How Traveling The World Makes Mr. Wagner’s Teaching Take Flight


Jaeden Betz, Contributor

 “When I first left the country to study abroad, I was a political science major,” Wagner said, “But I was always interested in history — Never in a million years thought I would be teaching it though.” 

Mr. Ryan Wagner is an AP World History teacher at Prior Lake High School. During the school year, he works hard to prepare his many sophomore students for the forthcoming AP World History exam, but when school ends and summer begins, he’s ready for a long and hard-earned trip abroad. 

Mr. Wagner has traveled all over the world, learning about people and cultures, but places never fail to surprise him. Mr. Wagner talks of how he prepared for a trip to the United Arab Emirates for “a long time, learning their customs and language” only to be surprised by just how “Westernized” the place was, stating how frequent British travelers probably aided in the westernization of the country. 

Mr. Wagner still gets nervous being a minority in a foreign place even after all his travels, but as he states: “that’s part of the fun.” 

Over this summer, Mr. Wagner, his wife, and their two kids traveled to Spain and Morocco. Mr. Wagner spoke of how important it is that his kids experience “new cultures and people” at a young age, and giving them an opportunity he didn’t have growing up in “the lower-middle class.” 

As to how Mr. Wagner’s knowledge and love of history helps him in foreign lands, he says that it “helps him identify certain things” and “helps the kids understand the importance.” 

He cited his recent trip to Spain, and how his knowledge of history helped him explain the many castles placed on hills throughout the country. Mr. Wagner told his family that the castles, built for defensive purposes, helped the Spanish fight off invaders to their land. After he told the story, Mr. Wagner said, “He saw his kids’ heads start to peek out the window. Mr. Wagner thinks traveling and history go hand-in-hand, he does this by preaching that “travel gives meaning to the learning, otherwise it’s just a bunch of facts and stories.”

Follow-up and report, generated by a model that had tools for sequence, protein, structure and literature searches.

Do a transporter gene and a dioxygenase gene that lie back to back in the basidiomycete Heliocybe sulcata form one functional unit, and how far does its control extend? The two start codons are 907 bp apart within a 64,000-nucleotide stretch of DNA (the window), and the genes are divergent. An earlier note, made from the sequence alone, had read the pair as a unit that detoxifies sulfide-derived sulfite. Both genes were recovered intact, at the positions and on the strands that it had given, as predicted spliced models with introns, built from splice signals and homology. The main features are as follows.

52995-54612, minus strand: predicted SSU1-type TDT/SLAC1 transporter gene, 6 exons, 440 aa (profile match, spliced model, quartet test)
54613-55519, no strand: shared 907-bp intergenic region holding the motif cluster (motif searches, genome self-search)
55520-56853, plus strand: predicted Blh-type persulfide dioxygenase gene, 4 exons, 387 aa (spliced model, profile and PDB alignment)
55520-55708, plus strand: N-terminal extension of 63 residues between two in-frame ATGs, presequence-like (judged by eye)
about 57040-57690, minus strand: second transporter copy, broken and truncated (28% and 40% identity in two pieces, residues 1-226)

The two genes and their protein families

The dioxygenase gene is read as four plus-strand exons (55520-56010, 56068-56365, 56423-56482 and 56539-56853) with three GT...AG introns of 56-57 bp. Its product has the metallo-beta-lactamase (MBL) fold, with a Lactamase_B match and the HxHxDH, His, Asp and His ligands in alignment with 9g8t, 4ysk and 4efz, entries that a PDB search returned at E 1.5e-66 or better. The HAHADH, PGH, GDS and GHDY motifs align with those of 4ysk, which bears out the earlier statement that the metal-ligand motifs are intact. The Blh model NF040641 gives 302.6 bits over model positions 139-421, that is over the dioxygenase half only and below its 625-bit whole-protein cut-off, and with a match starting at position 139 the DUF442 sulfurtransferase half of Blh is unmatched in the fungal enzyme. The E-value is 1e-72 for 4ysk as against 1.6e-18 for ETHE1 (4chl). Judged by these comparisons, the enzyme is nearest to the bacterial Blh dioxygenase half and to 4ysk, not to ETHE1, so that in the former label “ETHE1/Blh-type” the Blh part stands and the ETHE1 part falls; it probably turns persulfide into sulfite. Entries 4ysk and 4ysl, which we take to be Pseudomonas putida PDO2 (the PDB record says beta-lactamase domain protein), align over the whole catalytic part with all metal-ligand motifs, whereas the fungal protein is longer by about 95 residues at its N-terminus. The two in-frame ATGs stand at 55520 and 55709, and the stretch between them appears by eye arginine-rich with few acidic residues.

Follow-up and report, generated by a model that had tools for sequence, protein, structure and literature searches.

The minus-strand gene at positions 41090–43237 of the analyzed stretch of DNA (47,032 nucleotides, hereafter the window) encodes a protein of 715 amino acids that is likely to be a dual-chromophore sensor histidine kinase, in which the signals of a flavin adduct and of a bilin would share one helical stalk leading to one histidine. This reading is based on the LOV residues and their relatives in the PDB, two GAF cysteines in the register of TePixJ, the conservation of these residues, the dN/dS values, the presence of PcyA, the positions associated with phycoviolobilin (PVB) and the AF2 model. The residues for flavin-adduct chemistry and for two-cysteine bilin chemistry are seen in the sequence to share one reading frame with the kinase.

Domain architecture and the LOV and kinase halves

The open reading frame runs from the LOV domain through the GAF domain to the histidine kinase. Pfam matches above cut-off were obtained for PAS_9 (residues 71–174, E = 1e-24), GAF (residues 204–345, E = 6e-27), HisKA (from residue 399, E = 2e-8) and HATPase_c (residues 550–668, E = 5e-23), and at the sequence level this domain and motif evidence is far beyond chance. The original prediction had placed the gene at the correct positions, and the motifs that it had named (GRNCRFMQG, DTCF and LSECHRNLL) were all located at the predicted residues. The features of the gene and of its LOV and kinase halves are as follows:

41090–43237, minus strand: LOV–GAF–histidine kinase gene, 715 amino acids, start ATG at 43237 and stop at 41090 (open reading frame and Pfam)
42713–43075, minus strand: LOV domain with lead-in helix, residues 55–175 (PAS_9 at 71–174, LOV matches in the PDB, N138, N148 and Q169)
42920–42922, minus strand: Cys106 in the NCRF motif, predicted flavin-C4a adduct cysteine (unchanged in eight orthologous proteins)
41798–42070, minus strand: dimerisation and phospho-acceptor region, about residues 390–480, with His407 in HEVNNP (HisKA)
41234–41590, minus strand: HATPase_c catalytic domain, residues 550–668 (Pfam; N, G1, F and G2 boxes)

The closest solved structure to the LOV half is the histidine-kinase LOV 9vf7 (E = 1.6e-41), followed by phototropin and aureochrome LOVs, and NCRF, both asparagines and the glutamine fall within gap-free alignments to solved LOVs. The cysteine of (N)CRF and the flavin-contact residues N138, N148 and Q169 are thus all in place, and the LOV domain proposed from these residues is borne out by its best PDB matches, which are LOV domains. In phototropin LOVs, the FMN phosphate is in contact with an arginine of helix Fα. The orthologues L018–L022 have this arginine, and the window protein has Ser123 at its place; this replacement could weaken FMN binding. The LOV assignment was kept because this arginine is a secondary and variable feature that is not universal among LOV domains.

Mr. Wagner worries when sharing his stories in class though, as he “doesn’t want the class to be me showing slideshows,” but he feels stories from his travel can add depth to the discussion in class. Mr. Wagner loves when other people in the class share his experiences in travel and hopes that these discussions let people know that even if you don’t have the time or money to travel like he didn’t at a young age “you’ll have an opportunity to in the next 10 years.” 

It seems to have rubbed off on two of his former pupils, William Hockman and Carl Otten. Carl, like Mr. Wagner, took a trip to Europe this summer and felt that understanding the history of the places he visited “definitely helped” in his enjoyment of his trip. 

William Hockmann hasn’t had the opportunity to travel to Europe yet, but cites Rome as the destination he hopes to travel to the most. Hockman said: “Wagner’s class and learning about the history of Rome” gave him the drive to want to visit Italy’s most historic city. 

Traveling the world is an experience unlike any other, an experience only aided by a knowledge of history. Mr. Wagner has traveled around the world and inspired so many of his young students to do the same, so, how’s that political science major looking now? 

Mr. Wagner’s summer trip to Seville, Spain — visiting the famous bell tower The Giralda
Mr. Wagner on his summer trip to Morocco